The very first time I came into contact with a real time strategy (RTS) game was on my dad’s lap, where he often sat me down as he played Starcraft on his PowerMac G3. I obsessed over this magical game on his computer, not knowing much about what it was — beyond the joy of building structures and raising different kinds of units at my leisure. That magic continued as my childhood became marked by memories of Warcraft: Orcs & Humans, Warcraft 2, and eventually Starcraft itself, all of which I played well past my bedtime on the giant cube monitor that lived in my mom’s office.
Later, when I was gifted my first Gameboy Advance, I found something very special in the more streamlined, more thoughtful mechanics introduced to me by the turn-based strategy game Advance Wars. I spent hours marching artillery units against tanks, something I distinctly remember experiencing in the backseat of the cars that my parents rented when we travelled to Hawaii and Las Vegas, back in a time when I was small and family vacations were still a thing. In real life, we were zooming up and down narrow roadways, swerving around steep canyons with the awe of the outside world just out of reach. But in my imagination, planes and infantrymen fought valiantly for control and glory.
After over nine hours of gameplay, I can say that Final Assault makes good on the original promise of Advance Wars and games similar to it, gleefully brandishing its roomscale rendition of all-out war under a delightfully stylized layer of WW2 paint.
In it, you play as one of two commanders vying to win an epic game of tug-of-war across 12 different possible maps. Much like in a multiplayer online battle arena (MOBA), your goal is to push all the way past your opponent’s defenses and reduce their base’s health bar to zero. But that’s really where the MOBA comparisons end and the game’s hidden strategic depth begins.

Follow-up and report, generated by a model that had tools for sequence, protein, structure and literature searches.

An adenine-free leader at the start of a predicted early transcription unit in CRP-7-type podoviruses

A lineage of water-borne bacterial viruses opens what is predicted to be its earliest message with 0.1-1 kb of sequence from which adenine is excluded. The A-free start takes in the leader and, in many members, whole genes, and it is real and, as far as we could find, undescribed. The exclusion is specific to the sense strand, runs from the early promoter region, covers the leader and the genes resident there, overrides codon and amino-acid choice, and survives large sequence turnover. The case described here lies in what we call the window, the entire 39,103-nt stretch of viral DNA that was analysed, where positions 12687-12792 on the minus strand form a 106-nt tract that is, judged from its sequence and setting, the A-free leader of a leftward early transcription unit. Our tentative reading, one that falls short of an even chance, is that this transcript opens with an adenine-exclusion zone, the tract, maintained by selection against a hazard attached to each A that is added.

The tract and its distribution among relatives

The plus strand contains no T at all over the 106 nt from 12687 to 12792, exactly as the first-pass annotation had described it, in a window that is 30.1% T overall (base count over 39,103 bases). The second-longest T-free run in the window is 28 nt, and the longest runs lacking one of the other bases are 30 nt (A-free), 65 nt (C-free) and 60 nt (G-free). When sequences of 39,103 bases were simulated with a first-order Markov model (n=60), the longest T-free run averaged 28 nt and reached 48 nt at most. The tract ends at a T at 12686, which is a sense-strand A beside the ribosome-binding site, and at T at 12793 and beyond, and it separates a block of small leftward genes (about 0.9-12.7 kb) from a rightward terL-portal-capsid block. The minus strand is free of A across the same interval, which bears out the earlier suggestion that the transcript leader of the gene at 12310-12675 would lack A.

I really enjoyed going through each of Final Assault’s six playable factions, called ‘divisions’, and studying how they all differ. And they truly do differ in practice. For example, Simmons’ division offers advanced troop carriers that periodically spawn swarms of mortar-wielding infantrymen wherever you plant them. Beaumont’s division, in contrast, offers portable guns that snipe tanks at long range. The flows between divisions vary noticeably, and there’s an immense amount of depth that comes from devising counter-strategies against every possible collection of units you might face up against.
Unfortunately, if you’re not paying attention, each unit and each faction can begin to appear quite samey. Just as well, each of the modes (including the campaign) relies on random variations of the same 12 maps, making the entire game feel aesthetically boxed in. Of course, while the campaign offers different tactical modifiers that change the flow of each battle, and while you can even earn new skins and outfit pieces for completing different challenges, the story in each campaign leads to procedurally generated standoffs with no unique story pieces or units, meaning that what you see in any old multiplayer match is exactly what you get in the campaign.